Triumph kid for all: meme accessibility for the blind

The popular Success Kid meme. By Miriam Fauzia / BU News Service

By Miriam Fauzia
BU News Service

BOSTON — Social media has revolutionized the way humanity connects on a global scale, but in the blind and visually impaired community, barriers to social media inclusion persist.

“Social media accessibility has gotten better but continues to be a huge issue,” said Sassy Outwater-Wright, director for the Massachusetts Association for the Blind and Visually Impaired. 

“A huge amount of information is communication through infographics, movies, GIFs and they’re all image-based,” she said. 

While there are assistive technologies available to help navigate, such as screen readers or Braille displays, Outwater-Wright, who is visually impaired, feels they still fall short of fully communicating visual content.

But one group at Carnegie Mellon University’s Human-Computer Interaction Institute (HCII) is seeking to remedy this issue by creating a new technology that would make memes – images taken from popular culture and overlaid with text to express an idea, behavior or style – more user-friendly for the visually impaired. 

Currently, social media platforms use alternative text, also known as alt text, to translate visual information into text. When an image cannot be displayed, the alt text appears instead. For the blind and visually impaired, alt text is what is primarily read by screen readers when accessing websites or smartphone apps. Memes, unfortunately, do not contain any alt text.  

Cole Gleason, a Ph.D. student involved in the study, stated the method involves an optical character recognition software which automatically extracts the alt, which is then viewed by a human who elaborates with more details, such as color, shape, size or what the object actually is. The software then feeds the new information back in, and is able to reproduce it whenever it comes across the same image again.  

“Basically the idea here is that we think a visual meme codes some theme that’s common to all times you see that same meme,” said Gleason, who is also visually impaired. 

He also mentioned the possibility of including sound to provide more sensory information and better understanding of the joke. 

Gleason used the Success Kid meme, the image of a determined looking baby clenching a fist, as an example. 

“You [would] read out the top text and then we [would] have the sound effect going ‘Yes!’ and then read out the bottom text,” he said.  

Once a standard template is created, the software can immediately match it to any iteration of the same image employed by the meme. Blind and visually-impaired internet users would be able to utilize the software via a downloadable web browser extension.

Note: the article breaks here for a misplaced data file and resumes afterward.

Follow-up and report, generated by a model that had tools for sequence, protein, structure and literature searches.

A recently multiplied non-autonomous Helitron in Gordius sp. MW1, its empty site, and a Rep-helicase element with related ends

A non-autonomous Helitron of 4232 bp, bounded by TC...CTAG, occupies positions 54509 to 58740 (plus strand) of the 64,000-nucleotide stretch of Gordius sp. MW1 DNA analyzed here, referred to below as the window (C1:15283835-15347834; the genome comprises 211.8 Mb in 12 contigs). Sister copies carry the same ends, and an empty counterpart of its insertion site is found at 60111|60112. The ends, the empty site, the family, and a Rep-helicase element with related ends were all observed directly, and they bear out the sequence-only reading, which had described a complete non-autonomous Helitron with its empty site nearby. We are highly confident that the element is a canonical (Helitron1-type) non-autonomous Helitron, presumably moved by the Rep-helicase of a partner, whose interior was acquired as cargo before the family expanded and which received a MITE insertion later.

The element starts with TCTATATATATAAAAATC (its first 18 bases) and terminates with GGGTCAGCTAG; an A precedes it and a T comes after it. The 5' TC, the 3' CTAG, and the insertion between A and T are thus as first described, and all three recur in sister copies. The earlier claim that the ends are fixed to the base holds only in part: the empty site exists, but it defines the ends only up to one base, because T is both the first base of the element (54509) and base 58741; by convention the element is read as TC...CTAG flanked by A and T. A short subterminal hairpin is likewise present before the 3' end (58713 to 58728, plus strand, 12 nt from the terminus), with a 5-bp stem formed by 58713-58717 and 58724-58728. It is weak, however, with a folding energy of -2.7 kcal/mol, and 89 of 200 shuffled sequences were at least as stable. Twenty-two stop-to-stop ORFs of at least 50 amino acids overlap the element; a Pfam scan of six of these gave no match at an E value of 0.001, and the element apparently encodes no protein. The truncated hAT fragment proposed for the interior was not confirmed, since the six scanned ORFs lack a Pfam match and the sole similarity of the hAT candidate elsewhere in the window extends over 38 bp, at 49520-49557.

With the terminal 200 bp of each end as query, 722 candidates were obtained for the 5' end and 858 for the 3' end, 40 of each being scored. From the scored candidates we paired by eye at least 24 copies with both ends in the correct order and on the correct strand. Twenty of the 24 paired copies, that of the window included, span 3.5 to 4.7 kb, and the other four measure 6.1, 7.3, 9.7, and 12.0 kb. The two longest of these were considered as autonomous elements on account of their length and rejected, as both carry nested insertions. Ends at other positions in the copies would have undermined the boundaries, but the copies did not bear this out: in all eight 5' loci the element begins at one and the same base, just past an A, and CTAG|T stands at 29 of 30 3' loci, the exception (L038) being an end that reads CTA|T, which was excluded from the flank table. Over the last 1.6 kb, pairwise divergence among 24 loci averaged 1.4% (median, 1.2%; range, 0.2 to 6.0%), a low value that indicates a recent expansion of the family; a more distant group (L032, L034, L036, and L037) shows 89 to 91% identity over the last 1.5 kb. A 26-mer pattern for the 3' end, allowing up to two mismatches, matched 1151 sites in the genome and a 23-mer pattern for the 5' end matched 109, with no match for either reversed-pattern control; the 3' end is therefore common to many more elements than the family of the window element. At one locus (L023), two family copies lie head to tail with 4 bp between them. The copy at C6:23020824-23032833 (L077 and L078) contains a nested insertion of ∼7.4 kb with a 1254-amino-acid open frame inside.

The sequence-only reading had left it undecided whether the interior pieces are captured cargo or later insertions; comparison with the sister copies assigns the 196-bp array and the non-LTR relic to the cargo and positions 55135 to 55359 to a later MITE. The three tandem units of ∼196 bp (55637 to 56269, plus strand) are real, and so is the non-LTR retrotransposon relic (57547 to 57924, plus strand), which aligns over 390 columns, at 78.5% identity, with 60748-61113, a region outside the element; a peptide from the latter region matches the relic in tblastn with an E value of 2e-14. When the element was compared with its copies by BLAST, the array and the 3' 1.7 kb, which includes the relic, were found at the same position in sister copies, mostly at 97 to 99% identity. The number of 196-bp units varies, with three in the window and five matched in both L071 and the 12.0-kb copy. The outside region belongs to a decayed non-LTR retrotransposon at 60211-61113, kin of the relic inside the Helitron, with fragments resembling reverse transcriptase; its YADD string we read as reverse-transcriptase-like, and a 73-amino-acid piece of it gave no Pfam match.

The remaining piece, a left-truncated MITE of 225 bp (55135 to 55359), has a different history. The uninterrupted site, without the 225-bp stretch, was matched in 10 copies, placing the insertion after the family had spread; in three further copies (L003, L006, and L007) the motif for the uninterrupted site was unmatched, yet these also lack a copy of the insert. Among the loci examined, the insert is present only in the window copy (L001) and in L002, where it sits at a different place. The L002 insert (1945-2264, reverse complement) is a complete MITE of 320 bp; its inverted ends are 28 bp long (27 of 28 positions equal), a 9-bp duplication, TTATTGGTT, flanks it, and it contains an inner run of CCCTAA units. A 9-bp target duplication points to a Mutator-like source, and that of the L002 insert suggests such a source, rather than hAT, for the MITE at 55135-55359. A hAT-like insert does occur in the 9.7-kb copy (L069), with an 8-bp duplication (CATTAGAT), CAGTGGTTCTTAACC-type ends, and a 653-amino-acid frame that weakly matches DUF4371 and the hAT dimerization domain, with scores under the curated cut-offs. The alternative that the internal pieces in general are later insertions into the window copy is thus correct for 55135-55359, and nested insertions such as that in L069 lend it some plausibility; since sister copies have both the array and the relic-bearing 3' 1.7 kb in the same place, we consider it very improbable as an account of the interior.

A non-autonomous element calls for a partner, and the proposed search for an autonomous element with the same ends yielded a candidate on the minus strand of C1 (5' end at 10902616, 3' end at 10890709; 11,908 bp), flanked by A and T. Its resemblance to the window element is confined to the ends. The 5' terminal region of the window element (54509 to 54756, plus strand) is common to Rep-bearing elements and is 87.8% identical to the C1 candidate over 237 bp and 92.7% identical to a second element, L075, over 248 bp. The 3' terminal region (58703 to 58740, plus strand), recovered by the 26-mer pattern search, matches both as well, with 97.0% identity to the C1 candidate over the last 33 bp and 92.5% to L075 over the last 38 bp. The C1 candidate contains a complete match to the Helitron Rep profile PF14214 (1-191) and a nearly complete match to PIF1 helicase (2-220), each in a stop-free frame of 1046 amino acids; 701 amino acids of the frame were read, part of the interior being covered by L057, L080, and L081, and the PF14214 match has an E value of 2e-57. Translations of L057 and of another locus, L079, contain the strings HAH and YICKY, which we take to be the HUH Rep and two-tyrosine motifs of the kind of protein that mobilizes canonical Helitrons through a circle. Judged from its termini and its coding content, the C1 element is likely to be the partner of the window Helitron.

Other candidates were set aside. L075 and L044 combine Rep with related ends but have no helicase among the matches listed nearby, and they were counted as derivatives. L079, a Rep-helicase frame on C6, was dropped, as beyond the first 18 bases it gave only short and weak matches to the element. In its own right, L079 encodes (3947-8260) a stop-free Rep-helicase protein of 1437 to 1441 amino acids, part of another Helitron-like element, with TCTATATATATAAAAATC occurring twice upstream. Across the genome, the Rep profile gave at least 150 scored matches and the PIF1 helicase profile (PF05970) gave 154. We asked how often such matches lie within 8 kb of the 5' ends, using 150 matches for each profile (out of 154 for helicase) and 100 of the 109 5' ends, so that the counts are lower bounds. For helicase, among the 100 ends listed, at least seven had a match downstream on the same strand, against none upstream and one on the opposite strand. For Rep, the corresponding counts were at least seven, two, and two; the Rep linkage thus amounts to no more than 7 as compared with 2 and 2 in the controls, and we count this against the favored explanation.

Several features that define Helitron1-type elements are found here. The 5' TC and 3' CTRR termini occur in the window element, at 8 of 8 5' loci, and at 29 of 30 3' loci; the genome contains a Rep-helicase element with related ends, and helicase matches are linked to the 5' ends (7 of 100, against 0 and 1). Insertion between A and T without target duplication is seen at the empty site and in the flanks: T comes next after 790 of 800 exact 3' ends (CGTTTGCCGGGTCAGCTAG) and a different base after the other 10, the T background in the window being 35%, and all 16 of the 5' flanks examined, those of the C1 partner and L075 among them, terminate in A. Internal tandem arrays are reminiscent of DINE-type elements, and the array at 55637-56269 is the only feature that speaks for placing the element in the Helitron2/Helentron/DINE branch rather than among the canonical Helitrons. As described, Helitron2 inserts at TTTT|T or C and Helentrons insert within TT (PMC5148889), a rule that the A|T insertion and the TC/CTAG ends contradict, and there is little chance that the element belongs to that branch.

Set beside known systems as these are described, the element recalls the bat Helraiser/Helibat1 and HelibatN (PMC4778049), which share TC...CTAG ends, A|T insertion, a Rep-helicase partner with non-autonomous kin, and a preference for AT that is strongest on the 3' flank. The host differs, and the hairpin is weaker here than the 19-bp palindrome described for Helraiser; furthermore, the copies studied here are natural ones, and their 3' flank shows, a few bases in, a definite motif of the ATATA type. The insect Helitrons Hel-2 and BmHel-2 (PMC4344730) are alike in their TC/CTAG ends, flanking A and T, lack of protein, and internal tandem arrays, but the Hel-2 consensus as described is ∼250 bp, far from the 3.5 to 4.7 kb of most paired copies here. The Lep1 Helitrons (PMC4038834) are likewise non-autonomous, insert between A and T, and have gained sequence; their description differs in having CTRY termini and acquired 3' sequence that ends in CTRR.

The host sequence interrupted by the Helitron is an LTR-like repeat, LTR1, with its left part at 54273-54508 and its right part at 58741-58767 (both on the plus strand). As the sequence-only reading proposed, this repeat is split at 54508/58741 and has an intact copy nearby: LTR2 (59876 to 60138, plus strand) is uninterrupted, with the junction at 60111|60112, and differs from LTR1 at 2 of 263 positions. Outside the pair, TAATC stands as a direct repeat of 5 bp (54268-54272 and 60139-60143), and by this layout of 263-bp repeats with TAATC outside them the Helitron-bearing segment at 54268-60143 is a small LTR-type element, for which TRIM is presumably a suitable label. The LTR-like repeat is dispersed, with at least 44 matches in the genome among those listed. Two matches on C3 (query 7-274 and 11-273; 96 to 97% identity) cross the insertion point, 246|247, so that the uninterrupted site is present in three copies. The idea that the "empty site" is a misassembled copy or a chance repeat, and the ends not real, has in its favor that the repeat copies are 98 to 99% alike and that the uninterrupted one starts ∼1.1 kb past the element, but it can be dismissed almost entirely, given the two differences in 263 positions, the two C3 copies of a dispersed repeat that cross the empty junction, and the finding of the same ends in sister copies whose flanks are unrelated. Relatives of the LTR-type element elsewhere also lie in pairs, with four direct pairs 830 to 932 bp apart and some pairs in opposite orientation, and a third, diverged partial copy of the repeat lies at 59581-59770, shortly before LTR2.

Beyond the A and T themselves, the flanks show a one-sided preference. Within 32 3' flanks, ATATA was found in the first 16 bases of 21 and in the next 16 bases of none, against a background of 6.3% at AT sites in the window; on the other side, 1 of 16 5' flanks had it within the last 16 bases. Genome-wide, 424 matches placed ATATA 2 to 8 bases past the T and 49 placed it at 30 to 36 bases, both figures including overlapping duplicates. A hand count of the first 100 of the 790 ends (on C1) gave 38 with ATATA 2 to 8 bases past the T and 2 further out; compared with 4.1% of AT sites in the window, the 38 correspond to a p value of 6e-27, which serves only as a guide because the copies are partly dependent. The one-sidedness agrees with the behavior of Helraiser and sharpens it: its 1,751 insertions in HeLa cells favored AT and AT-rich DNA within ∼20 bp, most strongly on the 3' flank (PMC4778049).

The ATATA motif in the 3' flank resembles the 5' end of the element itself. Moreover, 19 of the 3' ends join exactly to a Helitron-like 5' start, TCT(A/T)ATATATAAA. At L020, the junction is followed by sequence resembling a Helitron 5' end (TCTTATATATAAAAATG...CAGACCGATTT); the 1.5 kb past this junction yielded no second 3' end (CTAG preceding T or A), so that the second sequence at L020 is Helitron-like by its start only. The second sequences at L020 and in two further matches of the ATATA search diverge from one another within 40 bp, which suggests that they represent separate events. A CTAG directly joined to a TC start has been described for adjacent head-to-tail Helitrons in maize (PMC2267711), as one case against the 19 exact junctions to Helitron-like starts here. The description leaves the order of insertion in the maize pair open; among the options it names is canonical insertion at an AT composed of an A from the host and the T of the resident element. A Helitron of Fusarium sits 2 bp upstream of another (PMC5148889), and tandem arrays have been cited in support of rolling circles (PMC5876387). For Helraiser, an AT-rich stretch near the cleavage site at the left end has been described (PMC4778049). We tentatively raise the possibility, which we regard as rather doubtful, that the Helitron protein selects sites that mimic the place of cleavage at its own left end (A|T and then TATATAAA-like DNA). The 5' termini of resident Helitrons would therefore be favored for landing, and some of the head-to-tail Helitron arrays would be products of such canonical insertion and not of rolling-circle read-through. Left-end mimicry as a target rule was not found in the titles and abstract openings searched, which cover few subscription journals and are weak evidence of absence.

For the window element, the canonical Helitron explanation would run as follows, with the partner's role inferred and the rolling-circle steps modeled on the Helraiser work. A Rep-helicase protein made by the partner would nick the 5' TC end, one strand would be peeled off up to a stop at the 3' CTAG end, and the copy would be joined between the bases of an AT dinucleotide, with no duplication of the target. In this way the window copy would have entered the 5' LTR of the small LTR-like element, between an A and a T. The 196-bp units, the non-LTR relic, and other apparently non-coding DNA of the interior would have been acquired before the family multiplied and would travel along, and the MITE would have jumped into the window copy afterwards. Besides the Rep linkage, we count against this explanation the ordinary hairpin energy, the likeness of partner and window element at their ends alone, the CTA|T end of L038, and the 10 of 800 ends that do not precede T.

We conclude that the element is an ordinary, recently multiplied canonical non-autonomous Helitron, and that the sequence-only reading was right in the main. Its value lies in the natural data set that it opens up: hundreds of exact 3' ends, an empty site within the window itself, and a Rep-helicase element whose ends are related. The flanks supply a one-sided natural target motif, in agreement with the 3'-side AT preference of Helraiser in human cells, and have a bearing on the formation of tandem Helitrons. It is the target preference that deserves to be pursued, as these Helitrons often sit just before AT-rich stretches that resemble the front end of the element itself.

The critical obstacle that stands in the way of integrating improved accessibility tools are the social media platforms themselves.

Outwater-Wright stated accessibility prioritization is not something emphasized or considered by company executives early on. 

“The senior [executives] really need to have a leadership role and say accessibility needs to be part of our development process from day one, not launch day when we launch a product and then hear from a blind person that they can’t access it,” Outwater-Wright said. 

Gleason also agreed that when senior executives demonstrate concern for accessibility, the sentiment trickles down to every individual in the company. He cited Microsoft’s CEO Satya Nadella who, in July 2017, launched Microsoft’s Seeing AI, a free iPhone app which tells the blind what is around them. Nadella’s eldest son Zain was born with severe cerebral palsy and has been the CEO’s motivation for improved accessibility and inclusivity.

Another aspect to making memes accessible is providing the blind and visually impaired tools for creating memes themselves. 

“I think there is something to be looked at, like blind people as producers and figure out what tools we could give them to create things as well,” Gleason said.  

Gleason spoke of an authoring interface which would allow users to browse the internet for images and convert the image details into pre-existing alt text meme templates. Users would also have an option to add sound effects chosen from an online sound library.  

Going forward, Gleason wants to apply his research to the newest trending visual content app, TikTok. 

“[TikTok] is a shared audio that people are maybe performing different visuals to the same audience,” he said.

When asked if the new technology could keep pace with the rapid generation of content on social media, Gleason expressed no concerns.

“Every time someone invents a new medium, you’re going to have to explain what the template should be. The benefit is that it’s a much smaller problem because it’s very easy to make a new instance of a meme that already exists. New memes that come along are [a] little bit few and far between.”  


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